Two years ago, I tied the knot. And ever since that early December afternoon, Lydia and I have been traveling the world together side by side. That’s not an exaggeration. We run a bed and breakfast for surfers on the island of Lanzarote in the Canary Islands, where we live part-time, we make the pilgrimage to the North Shore each winter with the rest of the surf world, we settle into our other part-time home of California for a bit of the year, and bounce around the rest of the globe year-around for business, always together.
However, this summer, I said “ciao” to her for the first time so I could make my way to Surf Expo in Florida. I’d missed last year’s event after having been every year before for as long as I can remember, so it was important I made it out this time around.
See, last summer, we were sitting at LAX ready to check in for our flight to Florida. Hurricane Irma had other plans for us, though. I called 10 friends and clients for their take before getting on that plane and they all confirmed they weren’t going thanks to Irma. It was a tough decision, but Lydia and I followed suit. We could either make our way across the country and risk getting stranded in Orlando or stay put in Southern California where we’d be safe. I later heard stories from friends who’d been stranded for a week with minimal rations and even people who’d had to rent cars so they could drive to Texas and attempt to fly home from there.
So when this September rolled around, I honestly couldn’t wait to get back to Surf Expo. See, the surf industry is like a family to me. Business is a big part of why I am there, but mostly it feels more like I’m catching up with old friends. Friends like David Skedelski from Surf Co Hawaii, who invites me over to his house for dinner every time I’m in Hawaii for the Vans Triple Crown of Surfing. Friends like CJ Hobgood, 2001 World Champ, who is one of the hardest working people in surfing, making a life and career for himself after competition by working with brands like Igloo Coolers and Salty Crew. I love grabbing a coffee with him every show, just talking about family and catching up on life post-Tour. I love seeing guys like Roy Turner and his staff who go out of their way to make sure that everyone at the show feels welcome. I also get to catch up with new and old friends from Christian Surfers (CJ runs in this community circle as well), who help smaller surf brands and vendors break down and set up their booths. Their only agenda there is to serve and love on the surfing community. They also provide a chapel service during the show for anyone who needs a time of connection, fellowship, prayer, meditation, positive message, and of course, food.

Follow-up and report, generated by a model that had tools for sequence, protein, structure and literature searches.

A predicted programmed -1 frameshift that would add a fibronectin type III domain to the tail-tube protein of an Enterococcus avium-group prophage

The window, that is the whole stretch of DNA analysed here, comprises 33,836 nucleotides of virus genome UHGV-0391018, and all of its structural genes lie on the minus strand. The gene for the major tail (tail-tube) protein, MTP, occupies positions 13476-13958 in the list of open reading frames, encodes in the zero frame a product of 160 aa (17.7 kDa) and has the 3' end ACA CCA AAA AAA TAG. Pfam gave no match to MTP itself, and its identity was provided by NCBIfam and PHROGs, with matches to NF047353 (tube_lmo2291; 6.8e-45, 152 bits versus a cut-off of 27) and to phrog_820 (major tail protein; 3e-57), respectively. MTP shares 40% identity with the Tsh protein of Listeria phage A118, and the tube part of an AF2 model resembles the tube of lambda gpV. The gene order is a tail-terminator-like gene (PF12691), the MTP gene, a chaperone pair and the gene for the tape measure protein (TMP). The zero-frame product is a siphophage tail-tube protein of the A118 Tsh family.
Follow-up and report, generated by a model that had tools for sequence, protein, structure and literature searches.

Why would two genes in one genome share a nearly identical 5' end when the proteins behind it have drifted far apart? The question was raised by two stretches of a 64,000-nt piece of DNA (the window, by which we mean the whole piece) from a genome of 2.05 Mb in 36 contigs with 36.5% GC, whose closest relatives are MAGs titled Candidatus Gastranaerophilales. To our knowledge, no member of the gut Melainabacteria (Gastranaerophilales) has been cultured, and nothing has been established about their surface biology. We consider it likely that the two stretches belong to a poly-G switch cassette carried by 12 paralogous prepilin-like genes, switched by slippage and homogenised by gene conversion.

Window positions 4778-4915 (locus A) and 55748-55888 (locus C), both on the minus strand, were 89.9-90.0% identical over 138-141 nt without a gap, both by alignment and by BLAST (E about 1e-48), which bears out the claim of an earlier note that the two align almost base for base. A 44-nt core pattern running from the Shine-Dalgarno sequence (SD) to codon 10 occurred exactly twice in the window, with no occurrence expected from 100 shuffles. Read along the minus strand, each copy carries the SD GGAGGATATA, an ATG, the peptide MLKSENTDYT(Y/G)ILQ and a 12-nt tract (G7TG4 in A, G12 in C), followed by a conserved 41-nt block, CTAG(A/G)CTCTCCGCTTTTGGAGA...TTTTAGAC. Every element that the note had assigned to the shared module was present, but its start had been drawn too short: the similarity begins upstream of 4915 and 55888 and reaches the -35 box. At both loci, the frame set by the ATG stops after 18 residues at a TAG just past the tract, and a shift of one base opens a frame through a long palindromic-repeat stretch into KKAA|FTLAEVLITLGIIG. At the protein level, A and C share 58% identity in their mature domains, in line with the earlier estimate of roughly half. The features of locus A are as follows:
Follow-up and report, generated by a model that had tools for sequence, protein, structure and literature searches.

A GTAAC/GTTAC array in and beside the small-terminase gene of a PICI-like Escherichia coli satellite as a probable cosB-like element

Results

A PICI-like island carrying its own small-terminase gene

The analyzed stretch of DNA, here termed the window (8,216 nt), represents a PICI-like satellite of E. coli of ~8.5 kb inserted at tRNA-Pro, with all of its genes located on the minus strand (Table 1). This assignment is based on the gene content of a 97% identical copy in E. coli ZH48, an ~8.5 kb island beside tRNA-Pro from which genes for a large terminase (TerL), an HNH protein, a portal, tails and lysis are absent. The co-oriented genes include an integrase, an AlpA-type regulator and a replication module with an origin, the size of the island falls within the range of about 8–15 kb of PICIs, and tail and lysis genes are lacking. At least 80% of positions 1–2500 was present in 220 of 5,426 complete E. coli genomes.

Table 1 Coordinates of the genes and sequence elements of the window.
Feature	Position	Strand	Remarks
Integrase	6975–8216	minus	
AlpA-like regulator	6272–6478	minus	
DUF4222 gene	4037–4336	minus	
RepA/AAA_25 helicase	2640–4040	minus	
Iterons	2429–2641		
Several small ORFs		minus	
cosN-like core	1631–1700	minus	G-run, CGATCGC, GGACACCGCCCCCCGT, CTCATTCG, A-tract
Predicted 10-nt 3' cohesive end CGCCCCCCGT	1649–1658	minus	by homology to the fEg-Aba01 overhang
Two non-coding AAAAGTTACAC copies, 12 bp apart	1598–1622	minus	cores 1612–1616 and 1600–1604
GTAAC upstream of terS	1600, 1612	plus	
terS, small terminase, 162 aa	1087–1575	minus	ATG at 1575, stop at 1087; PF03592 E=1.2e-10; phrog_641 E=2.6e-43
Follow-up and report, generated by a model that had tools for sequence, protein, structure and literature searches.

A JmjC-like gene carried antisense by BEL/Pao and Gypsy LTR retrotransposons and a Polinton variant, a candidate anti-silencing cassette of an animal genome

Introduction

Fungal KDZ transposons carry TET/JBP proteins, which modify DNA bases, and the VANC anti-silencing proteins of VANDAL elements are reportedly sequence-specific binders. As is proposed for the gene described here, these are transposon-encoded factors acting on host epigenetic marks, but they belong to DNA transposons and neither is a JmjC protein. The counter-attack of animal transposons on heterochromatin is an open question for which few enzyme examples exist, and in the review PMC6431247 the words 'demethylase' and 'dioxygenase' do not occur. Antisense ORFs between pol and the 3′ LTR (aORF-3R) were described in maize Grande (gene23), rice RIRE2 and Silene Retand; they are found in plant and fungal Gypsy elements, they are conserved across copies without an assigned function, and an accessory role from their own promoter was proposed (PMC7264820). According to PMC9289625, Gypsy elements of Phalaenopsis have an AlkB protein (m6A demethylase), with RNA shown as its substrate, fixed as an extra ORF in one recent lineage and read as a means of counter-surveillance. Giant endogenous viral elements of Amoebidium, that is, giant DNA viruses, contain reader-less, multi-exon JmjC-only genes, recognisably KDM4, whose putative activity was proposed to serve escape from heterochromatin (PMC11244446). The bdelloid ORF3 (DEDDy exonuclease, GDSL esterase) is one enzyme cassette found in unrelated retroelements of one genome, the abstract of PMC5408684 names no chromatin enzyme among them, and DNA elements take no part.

You see, living and working in the surf industry is fun, but it’s a busy life of non-stop movement. The surf world is big and small at the same time. There are familiar faces from a half a world away that you see in Hawaii for one event and somewhere in the lineup in Europe six months later. I might bump into CJ in California in July or a guy like Roy on a quick stop in Florida in the fall, but it’s rare that I get to find all these people at the same time and in the same place. That’s what makes something like Surf Expo more than just a trade show to me — because it’s so rare to find something where all these friends from around the world collect in one place. And that’s special. It’s why I took five flights, sat through four layovers, and rode two buses — not to mention leaving my wife’s side for the first time in two years — to get to Orlando this year. Relationships are priceless.
For now, I’m back in the Canary Islands awaiting the Atlantic’s next swell, but I really look forward to the times I can see all my friends and surfing tribe together in one place again.